Britain last year swerved recession and many experts believe it will manage to do the same in 2023
London (AFP) - The UK economy has returned to growth, data showed Friday, easing fears of an inflation-induced recession as the government readies next week’s budget against the backdrop of a cost-of-living crisis.
Gross domestic product grew 0.3 percent in January, the Office for National Statistics (ONS) said, boosted partly by entertainment and transport activity.
Output dropped 0.5 percent in December on widespread strikes as workers protested over pay failing to keep pace with UK inflation above 10 percent.
Britain last year swerved recession – defined as two straight quarters of contraction – and many experts believe it will manage to do the same in 2023.
“Things are better than people had feared, sentiment is improving, confidence is returning and that is I think partly a function of the plans that we’ve put in place,” Prime Minister Rishi Sunak told reporters.
- ‘Risks remain’ -
Deutsche Bank economist Sanjay Raja said the UK economy is no longer expected to fall into a technical recession this year.
“However, the margin of error is slim, and risks remain skewed to weaker growth over the coming quarters, given lingering uncertainty and pessimism around the economic outlook.”
Britain’s Conservative government, facing anger over soaring energy bills as executive pay in the sector rockets, unveils a budget on Wednesday.
“Today’s news does provide evidence of a surprisingly resilient UK economy, which will add a positive backdrop to the budget next week,” noted economist Josie Anderson at research group CEBR.
Finance minister Jeremy Hunt has already been boosted by a stronger-than-expected public finances surplus in January.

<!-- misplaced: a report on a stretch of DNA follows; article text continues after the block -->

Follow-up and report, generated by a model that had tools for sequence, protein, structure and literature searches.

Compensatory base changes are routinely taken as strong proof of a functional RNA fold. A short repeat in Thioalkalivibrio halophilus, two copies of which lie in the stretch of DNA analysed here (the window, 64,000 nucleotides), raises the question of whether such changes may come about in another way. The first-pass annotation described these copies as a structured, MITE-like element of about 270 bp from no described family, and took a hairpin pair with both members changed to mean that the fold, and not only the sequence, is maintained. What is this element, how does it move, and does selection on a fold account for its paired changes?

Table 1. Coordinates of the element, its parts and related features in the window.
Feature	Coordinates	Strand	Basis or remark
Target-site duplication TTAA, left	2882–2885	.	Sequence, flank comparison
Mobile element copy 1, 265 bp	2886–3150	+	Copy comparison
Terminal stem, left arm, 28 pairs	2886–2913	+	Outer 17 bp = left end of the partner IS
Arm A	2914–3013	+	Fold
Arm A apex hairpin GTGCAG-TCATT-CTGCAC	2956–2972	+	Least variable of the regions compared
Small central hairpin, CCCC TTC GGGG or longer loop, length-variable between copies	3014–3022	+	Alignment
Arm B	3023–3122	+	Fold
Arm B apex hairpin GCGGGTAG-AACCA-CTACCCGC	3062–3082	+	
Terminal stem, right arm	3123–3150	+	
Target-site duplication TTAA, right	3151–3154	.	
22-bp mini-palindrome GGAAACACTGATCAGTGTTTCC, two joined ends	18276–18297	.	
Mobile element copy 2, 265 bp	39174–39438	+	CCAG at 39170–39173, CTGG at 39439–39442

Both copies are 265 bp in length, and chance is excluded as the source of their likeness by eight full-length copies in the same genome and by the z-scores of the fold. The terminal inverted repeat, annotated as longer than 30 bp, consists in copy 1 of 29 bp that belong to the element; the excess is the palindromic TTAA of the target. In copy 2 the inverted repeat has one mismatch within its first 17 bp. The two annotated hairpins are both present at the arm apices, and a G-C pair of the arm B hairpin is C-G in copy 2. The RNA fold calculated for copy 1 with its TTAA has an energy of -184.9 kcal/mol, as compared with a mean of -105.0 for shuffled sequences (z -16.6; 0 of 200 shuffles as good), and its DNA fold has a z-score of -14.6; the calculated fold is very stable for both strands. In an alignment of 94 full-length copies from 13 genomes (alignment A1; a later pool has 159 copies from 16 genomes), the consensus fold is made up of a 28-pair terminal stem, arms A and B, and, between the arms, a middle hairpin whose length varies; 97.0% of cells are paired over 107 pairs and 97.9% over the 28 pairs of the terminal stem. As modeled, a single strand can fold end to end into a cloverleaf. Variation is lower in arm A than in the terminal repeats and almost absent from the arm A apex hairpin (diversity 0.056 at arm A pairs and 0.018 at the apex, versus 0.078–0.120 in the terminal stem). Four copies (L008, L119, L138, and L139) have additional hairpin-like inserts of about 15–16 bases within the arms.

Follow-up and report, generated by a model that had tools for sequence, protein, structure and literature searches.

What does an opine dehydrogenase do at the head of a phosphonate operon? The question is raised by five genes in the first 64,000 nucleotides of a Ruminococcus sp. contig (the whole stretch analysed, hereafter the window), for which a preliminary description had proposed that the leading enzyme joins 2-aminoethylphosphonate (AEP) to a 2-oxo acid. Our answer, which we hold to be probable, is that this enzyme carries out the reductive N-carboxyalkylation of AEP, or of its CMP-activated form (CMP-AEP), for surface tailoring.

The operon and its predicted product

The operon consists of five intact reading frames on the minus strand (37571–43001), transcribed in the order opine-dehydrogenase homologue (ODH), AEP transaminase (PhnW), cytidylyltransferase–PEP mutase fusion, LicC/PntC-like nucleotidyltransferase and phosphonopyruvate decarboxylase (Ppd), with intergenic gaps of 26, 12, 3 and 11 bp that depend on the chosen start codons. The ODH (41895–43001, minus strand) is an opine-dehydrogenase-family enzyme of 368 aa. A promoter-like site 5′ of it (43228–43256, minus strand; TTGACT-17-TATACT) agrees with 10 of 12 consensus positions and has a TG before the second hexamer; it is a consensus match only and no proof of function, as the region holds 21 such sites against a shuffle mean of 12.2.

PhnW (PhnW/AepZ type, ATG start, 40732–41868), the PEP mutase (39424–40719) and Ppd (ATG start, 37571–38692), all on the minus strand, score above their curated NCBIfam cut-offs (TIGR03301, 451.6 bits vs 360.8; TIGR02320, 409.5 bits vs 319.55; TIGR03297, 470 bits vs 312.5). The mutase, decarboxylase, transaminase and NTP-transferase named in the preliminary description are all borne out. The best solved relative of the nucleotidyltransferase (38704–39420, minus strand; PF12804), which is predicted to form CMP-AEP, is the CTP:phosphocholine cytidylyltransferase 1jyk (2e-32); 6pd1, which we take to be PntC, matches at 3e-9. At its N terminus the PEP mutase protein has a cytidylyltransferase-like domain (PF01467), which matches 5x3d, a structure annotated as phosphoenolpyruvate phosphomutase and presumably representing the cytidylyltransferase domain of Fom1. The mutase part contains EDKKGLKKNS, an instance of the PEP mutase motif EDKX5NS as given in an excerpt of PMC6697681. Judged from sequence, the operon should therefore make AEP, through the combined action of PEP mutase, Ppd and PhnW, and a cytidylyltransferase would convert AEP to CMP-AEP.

- ‘Long way to go’ -
“In the face of severe global challenges, the UK economy has proved more resilient than many expected, but there is a long way to go,” Hunt said in response to Friday’s data.
“Next week, I will set out the next stage of our plan to… grow the economy – so we can improve living standards for everyone.”
However, millions of Britons will likely have to pay more for gas and electricity from next month as the government plans to remove some of its costly financial help that had lowered energy bills.
The ONS cautioned that economic growth flatlined in January from the same month a year earlier, hit by high living costs.
Yet month-on-month activity rebounded as the services sector offset a poor performance by construction and manufacturing.
Activity was stimulated by schools reopening after Christmas holidays – and the return of England’s Premier League football competition following the World Cup.
Another boost came as postal services recovered from industrial action the previous month.
- Energy payouts -
Global inflation last year reached the highest levels in decades as the invasion of Ukraine by key oil and gas producer Russia sent energy prices soaring.
British energy giant BP on Friday revealed it more than doubled the remuneration of chief executive Bernard Looney to £10 million ($12 million) last year.
The news came one day after rival Shell said its recently-retired CEO Ben van Beurden earned a similar amount in 2022.
The UK economy registered zero growth in the final three months of last year, after shrinking 0.3 percent in the third quarter.
Output was additionally hit by the Bank of England’s interest rate hikes that sought to dampen consumer prices.